The first image is a close-up of a salt bag I purchased in Syria. I really love the colours in this and would really like to make a quilt using these colours. However I am not terribly fond of piecing and I don't want it to look exactly like the carpet- I would rather work from the "inspiration" of the woven salt bag- that is finding my own way to express what it is I like about the salt bag.
I also decided to put images up of two smallish quilts I made sometime ago ( 2006 and they measure 20 inches x 24 inches) as they are for sale. The bluish one which has a hand painted background using the African painting technique, layered with lutradur and machine stitched costs $250US inclusive of postage. The second quilt also has a hand painted background using the African technique, and has been layered with hand dyed scrim and has been quilted using entirely french knots and as such took a lot more work so it is priced at $350US inclusive of postage.However as I put the photos up on my monitor I realised the second quilt might be a way to think about the salt bag. A hand painted background using the colours of the salt bag and then layered with a deep hued plum coloured scrim( or maybe lutradur) and then stitched- hand or machine? Don't know yet, I want to have a little think about that one- I am tempted by the scrim idea- but as I want to make the piece longish I will have to find some way of stitching other than french knots ( which take ages, though the effect is rather lovely)- perhaps a coarser hand dyed cotton?
And someone asked about which textile inks I use. I use normal textile inks used for screen printing- they have the consistency of a thickish custard. I often use the base extender also know as uni-base and add my own pigments which I purchase from Kraftkolour. As I do a lot of printing this is the cheapest way to buy textile inks. I also use Laura Liebenberg's Trapsuutjies textile paints. Their consistency is excellent for the type of work I showed in the previous blog post- however I can only bring so much home in my suitcase unfortunately- and I seem to have an excess of lime green and bordeaux colours and no yellow/ orange or denim which I need.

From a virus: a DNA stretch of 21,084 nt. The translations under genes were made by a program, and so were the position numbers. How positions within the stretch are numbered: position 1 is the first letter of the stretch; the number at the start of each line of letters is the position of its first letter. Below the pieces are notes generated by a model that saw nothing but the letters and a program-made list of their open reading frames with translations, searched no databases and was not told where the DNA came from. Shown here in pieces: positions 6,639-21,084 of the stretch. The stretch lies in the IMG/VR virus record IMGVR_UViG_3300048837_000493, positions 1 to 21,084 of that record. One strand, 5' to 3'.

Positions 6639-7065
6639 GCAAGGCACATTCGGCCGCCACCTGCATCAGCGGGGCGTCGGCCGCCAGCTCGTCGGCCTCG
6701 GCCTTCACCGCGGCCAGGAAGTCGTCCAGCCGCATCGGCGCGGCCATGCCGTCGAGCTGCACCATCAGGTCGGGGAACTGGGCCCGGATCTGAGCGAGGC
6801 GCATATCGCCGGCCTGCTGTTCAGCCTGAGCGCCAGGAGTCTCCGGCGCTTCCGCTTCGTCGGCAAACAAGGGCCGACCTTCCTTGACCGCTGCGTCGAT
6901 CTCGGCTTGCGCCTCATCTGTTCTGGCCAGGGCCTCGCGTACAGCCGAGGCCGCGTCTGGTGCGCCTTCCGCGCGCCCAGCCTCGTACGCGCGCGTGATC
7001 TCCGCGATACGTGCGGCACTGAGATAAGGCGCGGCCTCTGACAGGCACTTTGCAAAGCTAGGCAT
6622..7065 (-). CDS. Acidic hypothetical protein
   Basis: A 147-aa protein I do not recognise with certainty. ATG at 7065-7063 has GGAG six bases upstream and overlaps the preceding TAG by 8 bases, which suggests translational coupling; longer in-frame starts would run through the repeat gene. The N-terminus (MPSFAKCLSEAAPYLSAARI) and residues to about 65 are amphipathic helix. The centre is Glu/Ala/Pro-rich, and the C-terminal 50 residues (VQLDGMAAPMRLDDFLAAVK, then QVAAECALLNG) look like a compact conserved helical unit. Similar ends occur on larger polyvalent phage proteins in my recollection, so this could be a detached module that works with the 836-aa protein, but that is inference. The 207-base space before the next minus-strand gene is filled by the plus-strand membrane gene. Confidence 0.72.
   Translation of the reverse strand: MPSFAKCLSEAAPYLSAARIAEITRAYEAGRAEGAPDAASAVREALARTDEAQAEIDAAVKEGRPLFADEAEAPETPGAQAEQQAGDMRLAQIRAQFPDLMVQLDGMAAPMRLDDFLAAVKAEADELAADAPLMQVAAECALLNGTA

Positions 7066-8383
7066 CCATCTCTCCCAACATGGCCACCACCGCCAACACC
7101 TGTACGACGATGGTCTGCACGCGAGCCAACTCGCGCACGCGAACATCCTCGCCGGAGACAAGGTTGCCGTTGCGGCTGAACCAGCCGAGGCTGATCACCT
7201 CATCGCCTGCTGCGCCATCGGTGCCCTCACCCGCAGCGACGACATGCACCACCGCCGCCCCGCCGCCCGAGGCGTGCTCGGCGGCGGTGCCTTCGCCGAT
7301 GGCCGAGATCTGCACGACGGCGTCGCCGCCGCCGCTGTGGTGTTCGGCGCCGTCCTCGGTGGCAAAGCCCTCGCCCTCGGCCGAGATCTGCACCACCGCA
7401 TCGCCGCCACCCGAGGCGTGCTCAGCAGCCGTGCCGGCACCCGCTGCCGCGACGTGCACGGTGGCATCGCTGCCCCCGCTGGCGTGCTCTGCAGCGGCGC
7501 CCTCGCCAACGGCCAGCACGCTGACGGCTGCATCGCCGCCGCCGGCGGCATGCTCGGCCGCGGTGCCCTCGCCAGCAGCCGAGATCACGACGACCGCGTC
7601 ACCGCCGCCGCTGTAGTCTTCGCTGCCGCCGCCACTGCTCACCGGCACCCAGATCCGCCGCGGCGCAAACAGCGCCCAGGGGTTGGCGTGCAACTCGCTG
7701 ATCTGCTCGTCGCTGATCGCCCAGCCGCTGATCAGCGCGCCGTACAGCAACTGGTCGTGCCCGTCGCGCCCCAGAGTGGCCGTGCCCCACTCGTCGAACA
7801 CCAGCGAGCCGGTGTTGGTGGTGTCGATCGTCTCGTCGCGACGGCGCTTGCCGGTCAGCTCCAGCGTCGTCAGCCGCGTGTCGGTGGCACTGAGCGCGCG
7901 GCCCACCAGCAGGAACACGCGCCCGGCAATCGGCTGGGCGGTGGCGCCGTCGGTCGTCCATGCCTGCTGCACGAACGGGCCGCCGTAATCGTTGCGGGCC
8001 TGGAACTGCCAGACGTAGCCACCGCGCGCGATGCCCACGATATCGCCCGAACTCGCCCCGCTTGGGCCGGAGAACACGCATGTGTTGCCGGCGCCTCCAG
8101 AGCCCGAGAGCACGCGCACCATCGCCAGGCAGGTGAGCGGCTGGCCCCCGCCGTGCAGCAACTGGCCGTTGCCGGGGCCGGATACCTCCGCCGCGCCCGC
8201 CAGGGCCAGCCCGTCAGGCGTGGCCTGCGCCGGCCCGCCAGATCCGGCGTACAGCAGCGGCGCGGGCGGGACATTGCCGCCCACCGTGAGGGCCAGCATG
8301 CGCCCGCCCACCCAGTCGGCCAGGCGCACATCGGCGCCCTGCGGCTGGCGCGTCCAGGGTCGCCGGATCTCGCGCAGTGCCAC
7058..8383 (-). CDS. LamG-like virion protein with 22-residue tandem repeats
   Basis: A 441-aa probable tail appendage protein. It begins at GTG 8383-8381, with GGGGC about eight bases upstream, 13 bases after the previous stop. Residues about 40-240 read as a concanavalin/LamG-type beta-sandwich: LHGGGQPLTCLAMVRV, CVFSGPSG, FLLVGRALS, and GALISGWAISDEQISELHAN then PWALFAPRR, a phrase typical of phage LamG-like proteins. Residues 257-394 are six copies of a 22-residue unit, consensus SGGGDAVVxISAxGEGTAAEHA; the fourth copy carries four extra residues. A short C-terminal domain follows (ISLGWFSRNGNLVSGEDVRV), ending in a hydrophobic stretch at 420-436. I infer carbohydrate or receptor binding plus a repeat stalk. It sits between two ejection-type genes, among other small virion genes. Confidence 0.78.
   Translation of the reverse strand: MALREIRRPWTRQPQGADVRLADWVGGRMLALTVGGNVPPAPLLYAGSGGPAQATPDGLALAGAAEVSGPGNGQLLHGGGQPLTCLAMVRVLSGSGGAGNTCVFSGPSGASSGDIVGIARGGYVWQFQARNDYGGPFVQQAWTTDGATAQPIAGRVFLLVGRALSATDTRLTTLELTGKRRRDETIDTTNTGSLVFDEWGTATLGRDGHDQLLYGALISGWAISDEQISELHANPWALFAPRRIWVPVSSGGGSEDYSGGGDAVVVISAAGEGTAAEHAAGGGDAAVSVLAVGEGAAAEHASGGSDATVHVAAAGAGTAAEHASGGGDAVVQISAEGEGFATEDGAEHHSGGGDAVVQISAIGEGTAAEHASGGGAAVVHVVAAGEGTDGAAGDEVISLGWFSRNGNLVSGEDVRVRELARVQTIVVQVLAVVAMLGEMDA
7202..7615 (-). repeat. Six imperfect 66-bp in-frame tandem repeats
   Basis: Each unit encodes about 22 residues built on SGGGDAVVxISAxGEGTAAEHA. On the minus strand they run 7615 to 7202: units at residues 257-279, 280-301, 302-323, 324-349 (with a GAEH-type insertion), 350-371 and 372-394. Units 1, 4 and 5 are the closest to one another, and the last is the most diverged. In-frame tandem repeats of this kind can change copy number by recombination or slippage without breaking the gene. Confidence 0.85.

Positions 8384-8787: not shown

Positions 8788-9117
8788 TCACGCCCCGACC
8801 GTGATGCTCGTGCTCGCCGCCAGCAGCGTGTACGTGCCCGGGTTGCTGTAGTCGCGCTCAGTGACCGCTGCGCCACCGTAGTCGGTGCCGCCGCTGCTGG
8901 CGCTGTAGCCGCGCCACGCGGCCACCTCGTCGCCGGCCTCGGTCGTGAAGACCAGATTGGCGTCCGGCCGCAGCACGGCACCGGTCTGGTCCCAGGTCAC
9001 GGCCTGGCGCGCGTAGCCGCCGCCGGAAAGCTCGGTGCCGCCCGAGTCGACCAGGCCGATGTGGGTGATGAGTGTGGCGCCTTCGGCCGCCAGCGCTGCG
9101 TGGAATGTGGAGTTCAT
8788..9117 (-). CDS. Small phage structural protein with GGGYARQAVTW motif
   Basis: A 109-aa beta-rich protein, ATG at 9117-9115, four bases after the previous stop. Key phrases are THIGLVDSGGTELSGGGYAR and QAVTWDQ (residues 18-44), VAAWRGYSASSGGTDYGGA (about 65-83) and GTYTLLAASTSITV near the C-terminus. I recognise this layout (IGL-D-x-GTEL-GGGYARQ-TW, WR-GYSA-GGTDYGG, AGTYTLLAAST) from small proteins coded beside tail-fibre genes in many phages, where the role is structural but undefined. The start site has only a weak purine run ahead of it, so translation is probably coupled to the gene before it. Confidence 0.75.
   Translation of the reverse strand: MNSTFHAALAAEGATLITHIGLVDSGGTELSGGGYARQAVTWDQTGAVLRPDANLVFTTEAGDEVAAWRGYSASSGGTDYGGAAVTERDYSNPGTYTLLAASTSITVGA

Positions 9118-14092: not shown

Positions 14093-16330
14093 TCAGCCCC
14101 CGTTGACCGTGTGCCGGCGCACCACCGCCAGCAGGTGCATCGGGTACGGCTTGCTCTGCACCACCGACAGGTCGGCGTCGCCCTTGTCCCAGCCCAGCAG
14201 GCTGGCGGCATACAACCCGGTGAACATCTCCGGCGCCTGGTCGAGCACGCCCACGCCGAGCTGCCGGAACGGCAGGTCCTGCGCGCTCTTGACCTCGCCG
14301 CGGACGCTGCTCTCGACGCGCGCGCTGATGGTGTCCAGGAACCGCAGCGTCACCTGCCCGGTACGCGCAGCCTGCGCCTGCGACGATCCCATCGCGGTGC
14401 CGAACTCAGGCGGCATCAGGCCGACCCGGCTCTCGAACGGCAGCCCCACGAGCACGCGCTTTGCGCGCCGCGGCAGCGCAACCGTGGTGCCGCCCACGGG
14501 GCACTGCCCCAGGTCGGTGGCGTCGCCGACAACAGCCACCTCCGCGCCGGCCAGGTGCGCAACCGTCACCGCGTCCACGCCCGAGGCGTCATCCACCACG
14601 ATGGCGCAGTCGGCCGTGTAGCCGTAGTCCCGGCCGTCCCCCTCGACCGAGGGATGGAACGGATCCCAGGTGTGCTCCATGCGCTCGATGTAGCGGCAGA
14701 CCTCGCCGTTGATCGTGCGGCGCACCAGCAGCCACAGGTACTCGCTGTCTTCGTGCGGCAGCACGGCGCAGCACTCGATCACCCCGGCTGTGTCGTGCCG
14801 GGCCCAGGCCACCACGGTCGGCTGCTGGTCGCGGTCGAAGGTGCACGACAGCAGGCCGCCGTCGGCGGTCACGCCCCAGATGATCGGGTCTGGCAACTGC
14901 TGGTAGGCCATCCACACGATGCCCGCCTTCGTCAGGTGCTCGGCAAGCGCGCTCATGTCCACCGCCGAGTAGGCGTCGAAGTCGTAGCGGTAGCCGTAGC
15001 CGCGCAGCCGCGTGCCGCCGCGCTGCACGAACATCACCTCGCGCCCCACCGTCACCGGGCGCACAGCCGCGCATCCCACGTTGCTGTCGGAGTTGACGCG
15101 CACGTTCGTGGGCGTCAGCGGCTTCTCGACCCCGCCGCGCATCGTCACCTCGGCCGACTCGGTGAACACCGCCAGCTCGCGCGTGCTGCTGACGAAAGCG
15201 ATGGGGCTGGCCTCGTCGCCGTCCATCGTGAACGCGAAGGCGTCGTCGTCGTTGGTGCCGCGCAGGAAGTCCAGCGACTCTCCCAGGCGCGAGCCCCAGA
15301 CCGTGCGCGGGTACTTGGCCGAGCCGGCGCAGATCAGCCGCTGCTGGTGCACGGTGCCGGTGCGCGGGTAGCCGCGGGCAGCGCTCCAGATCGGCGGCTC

The kids and I think we may have found the house we want to build . Most houses are beyond my means and those that I thought I may be able to aspire to don't have the right sort of ambience for the environment in which we live. The one we have found is very modest but I think will fit in well with the ambience of the block on which it will be built and I wanted something that did not have a big footprint and perhaps double story to take advantage of the views. I will have to save desperately hard in order to do it- but as there is some time before it can be built I know I can do the smell of an oily rag stuff. I can actually see it built- have marked out the place and am busy "visualising" its presence . And I won't have to chop down a very delicate Japanese liquid amber which would have been the case for another house with a bigger footprint- in autumn it goes the most glorious red.